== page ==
Hopefully the third time will be the charm for Relativity Space and its 3D-printed rocket’s inaugural blast into space.
The Long Beach, California-headquartered space company aborted Saturday’s launch attempt of its 110-foot-tall Terran 1 rocket at about 4 p.m. ET Saturday afternoon. This second attempt at liftoff for the rocket – 85% of which is made with massive 3D printers – had been scheduled during a three-hour window of 1-4 p.m. EST at Cape Canaveral, Florida.
An initial launch attempt Wednesday was scrubbed “due to exceeding launch commit criteria limits for propellant thermal conditions on stage 2,” the company said.
After the mission was scrubbed, Relativity Space posted on Twitter that more information would be forthcoming about the “cause of aborts today.” Earlier Saturday morning, the launch crew said on Twitter that “upper-level winds are a potential concern today and we are continuing to monitor.”
Relativity Space’s next launch attempt has not yet been set, but it will take at least two days for teams to replenish propellants at Cape Canaveral Launch Complex 16, reported Florida Today, part of the USA TODAY Network.
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What is the 3D-printed rocket’s mission?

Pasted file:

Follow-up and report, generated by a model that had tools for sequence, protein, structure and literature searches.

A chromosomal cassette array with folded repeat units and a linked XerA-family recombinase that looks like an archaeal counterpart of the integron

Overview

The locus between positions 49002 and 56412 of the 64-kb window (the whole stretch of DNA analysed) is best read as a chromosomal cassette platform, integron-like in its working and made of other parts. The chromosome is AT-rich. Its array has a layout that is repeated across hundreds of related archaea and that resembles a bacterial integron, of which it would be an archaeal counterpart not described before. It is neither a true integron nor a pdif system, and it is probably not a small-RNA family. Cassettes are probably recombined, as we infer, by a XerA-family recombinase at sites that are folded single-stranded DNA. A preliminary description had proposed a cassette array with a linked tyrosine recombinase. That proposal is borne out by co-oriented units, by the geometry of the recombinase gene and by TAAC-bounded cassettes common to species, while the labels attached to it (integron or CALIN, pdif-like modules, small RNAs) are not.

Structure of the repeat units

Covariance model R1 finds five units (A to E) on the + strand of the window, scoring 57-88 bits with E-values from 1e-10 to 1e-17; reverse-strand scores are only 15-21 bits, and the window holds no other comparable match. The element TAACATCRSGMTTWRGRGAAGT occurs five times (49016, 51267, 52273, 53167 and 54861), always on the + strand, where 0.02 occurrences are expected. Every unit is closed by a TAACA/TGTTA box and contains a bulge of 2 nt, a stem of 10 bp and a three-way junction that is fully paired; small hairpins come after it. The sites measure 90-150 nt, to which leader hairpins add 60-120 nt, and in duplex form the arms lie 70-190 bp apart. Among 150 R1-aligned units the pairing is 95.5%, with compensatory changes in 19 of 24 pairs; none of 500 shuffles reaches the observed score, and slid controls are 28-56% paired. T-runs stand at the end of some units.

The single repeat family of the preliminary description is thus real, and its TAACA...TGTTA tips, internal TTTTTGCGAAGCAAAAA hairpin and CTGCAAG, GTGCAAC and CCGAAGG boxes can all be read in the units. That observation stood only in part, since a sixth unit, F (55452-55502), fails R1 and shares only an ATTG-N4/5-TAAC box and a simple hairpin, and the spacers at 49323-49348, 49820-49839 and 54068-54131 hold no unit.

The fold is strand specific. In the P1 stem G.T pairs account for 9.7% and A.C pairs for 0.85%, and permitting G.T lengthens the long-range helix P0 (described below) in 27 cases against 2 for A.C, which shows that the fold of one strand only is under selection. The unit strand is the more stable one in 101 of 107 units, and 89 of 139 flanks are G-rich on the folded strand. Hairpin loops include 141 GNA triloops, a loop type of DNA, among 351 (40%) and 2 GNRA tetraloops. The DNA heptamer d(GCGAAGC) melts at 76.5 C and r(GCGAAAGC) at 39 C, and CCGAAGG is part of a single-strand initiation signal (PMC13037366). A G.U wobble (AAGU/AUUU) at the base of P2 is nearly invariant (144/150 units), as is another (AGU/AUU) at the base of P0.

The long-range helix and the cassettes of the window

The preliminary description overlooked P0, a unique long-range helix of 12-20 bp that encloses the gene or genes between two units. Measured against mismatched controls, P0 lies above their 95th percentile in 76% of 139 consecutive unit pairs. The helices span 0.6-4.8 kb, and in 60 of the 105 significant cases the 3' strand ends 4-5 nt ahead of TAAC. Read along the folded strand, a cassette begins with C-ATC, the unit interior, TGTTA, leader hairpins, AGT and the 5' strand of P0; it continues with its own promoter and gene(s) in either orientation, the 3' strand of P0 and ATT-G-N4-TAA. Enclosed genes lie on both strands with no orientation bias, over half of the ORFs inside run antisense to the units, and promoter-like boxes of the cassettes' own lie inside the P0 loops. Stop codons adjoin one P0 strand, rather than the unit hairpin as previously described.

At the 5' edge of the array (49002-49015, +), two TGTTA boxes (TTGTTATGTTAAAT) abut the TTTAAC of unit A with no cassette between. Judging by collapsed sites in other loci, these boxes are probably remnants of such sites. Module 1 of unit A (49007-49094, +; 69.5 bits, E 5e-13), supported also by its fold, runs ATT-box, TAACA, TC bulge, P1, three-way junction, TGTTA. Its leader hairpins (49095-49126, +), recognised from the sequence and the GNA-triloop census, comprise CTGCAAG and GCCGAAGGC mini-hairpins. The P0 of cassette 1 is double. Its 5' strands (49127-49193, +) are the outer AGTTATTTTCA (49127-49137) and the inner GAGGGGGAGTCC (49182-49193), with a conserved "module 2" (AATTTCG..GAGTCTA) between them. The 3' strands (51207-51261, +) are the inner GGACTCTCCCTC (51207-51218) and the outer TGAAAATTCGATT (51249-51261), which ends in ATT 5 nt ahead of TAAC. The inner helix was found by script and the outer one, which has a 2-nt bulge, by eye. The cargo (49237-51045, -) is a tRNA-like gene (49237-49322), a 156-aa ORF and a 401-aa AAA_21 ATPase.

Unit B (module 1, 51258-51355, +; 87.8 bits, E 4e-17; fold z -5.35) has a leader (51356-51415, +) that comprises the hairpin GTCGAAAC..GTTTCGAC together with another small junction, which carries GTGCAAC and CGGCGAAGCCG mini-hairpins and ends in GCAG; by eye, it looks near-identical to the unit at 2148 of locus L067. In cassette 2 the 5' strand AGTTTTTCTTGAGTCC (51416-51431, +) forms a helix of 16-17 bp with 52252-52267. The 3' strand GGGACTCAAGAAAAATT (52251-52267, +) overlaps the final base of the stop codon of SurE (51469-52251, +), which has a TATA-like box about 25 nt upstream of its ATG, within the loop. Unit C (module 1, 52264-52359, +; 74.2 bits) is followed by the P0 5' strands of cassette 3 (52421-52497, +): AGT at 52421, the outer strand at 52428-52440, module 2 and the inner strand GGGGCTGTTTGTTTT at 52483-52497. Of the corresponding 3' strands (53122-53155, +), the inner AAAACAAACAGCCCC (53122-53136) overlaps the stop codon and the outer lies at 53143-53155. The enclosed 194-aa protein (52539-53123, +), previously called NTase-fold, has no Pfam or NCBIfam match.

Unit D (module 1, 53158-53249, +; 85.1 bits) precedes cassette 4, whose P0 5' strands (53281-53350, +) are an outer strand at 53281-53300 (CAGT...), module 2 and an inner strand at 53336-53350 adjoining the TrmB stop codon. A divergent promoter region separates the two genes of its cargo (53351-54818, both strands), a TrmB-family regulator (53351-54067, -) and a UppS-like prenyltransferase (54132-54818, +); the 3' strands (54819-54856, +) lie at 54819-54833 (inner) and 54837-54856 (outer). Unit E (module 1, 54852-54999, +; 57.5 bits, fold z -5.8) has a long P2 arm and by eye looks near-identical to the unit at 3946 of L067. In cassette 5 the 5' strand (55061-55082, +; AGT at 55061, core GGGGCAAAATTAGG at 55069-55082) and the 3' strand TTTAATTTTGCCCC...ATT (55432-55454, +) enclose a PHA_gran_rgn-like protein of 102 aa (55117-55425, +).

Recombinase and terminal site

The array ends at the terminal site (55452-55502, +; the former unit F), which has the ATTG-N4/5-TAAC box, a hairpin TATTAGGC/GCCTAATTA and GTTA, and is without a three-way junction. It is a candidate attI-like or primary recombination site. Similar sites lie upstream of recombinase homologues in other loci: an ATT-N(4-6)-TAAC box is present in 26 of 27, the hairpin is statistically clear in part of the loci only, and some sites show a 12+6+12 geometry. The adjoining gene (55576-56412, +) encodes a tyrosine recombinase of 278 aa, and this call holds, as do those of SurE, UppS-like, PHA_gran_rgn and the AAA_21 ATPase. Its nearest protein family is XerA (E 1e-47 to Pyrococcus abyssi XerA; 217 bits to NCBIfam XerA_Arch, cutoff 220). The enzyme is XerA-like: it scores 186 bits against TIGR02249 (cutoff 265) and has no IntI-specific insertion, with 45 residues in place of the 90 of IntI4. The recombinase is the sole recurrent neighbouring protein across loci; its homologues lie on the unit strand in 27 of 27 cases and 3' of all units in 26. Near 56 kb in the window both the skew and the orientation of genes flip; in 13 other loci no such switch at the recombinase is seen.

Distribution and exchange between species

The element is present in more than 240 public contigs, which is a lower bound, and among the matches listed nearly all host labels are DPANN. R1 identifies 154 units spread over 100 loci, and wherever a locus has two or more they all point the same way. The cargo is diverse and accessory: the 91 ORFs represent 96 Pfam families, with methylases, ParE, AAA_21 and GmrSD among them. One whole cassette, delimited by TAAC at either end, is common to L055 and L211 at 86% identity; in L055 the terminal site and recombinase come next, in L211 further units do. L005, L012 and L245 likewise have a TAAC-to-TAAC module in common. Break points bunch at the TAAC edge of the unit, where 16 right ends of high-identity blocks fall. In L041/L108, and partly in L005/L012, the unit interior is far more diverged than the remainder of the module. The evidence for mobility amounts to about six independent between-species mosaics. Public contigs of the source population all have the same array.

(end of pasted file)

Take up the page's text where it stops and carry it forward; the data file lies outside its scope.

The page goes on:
The Terran 1, which is a prototype with no customer payload, is scheduled to liftoff, then undergo a stage separation, second engine start and cutoff, and achieve orbit.
The goal of the initial launch is to prove the 7.5-feet diameter, 3D-printed vehicle is durable enough for launch and space flight.
Liftoff and getting over the Atlantic and passing Max-Q, the point in the flight when the rocket will be at maximum stress would “be a big inflection point,” the company said in a discussion of launch success on Twitter. “Why? Because it’s the phase of flight where the structural loads on the vehicle are the highest, passing this point in flight proves our hypothesis: 3D printed rockets are structurally viable!”
Should the Terran 1 – dubbed “Good Luck, Have Fun” or “GLHF” – make it to low Earth orbit (LEO), Relativity Space will consider it “would be a total home run,” Space.com reported, citing an email from Relativity Space representatives.
If that goal is met, Relativity would be the first privately-held, venture-backed space company to have successfully done so on its first launch, the company said.
“We have our own in-house team that has designed this rocket from a blank piece of paper, built our own factory with the world’s largest metal 3D printers, our own custom aluminum alloys. We build our own rocket engines,” said Tim Ellis, cofounder and CEO of Relativity Space. “Now we’re about to launch it.”
This launch is just the first step in Relativity’s interstellar plan to go to Mars.
Last year, the company announced plans with Impulse Space of El Segundo, California, to develop a Mars Cruise Vehicle and Mars Lander on a Terran R rocket no earlier than 2024.
Follow Mike Snider on Twitter: @mikesnider.
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